[1] According to the Financial Times and Reuters, EU officials have suggested they will be delaying the classification of countries’ risk levels to give operators and traders more time to adapt to the new rules. The next EU Commission will likely be making the final decision on the approach to classification.  

Prioritise traceability and engage early with suppliers: An increased focus on traceability is important. Businesses bringing in-scope products into the EU will need to work with their supply chain to gather the relevant information. This will likely involve a mixture of contractual measures and direct engagement with suppliers. Businesses may also need to provide information and training directly to indirect suppliers to ensure they can provide the relevant information to the business. Where suppliers cannot provide the necessary information, even after direct engagement, businesses may need to consider alternative supply arrangements. As part of this effort, businesses should consider reviewing onboarding processes for new suppliers, (re)developing supplier codes of conduct and conducting enhanced levels of supplier screening.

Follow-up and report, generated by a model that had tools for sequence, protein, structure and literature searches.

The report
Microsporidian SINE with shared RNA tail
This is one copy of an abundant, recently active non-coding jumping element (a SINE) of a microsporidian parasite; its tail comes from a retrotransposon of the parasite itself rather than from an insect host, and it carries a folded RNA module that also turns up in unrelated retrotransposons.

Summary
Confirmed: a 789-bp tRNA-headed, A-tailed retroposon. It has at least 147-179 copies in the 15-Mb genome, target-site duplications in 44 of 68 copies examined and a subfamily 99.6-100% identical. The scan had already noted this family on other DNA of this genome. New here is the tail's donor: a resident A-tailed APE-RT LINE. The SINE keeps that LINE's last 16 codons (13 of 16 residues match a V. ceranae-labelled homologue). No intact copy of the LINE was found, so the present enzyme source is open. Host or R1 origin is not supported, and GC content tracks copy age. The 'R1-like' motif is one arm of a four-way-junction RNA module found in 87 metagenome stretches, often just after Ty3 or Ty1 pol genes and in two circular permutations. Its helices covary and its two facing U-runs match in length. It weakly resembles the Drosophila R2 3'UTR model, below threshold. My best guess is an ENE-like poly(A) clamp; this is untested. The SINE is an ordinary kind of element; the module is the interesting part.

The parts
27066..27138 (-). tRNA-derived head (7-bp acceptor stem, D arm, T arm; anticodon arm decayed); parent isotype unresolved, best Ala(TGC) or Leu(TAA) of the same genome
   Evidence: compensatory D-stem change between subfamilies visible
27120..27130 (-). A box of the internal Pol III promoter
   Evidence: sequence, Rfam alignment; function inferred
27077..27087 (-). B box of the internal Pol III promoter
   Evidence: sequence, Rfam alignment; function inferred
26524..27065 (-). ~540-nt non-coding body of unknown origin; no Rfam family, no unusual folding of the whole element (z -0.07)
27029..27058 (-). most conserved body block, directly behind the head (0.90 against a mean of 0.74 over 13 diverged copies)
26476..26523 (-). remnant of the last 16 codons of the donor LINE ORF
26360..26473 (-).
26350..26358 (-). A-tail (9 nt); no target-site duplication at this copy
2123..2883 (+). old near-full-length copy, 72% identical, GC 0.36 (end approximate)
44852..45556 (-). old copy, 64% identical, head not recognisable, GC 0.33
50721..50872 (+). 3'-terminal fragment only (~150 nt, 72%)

Data, information and audits: The EUDR presents a significant data challenge to businesses. Even where businesses have existing expertise and due diligence systems in place, the data required to prove that products are deforestation-free could be difficult to gather. Addressing this may involve a combination of working with suppliers and third-party data gathering. Satellite observation can generate reports and identify production geolocations. Direct engagement with suppliers may allow for product tracking and more precise geo-localisation. The first step may involve a broad audit of supply chains relating to the relevant forest commodities. Existing sustainability certifications will not be deemed a substitute for meeting the due diligence requirements, though efforts to align with these will likely be helpful for meeting EUDR requirements and some, like the PEFC, are developing EUDR-specific solutions.

Monitor UK developments: On 9 December 2023, the UK government published further detail on the shape of its equivalent forest risk regime.[1] While a formal proposal is yet to be put forward, the structure of the UK regime seems to broadly mirror the EUDR. That said, the public consultation response published by the UK government indicates that there is likely to be divergence with the EUDR.[2] To avoid duplication, companies with a presence in the UK and the EU should actively monitor the UK’s efforts to ensure that they are well-positioned to comply with the UK approach in due course.

[1] Department for Environment, Food & Rural Affairs, “Supermarket essentials will no longer be linked to illegal deforestation”, 9 December 2023

[2] Department for Environment, Food & Rural Affairs, “Consultation on implementing due diligence on forest risk commodities: Summary of responses and government response”, June 2022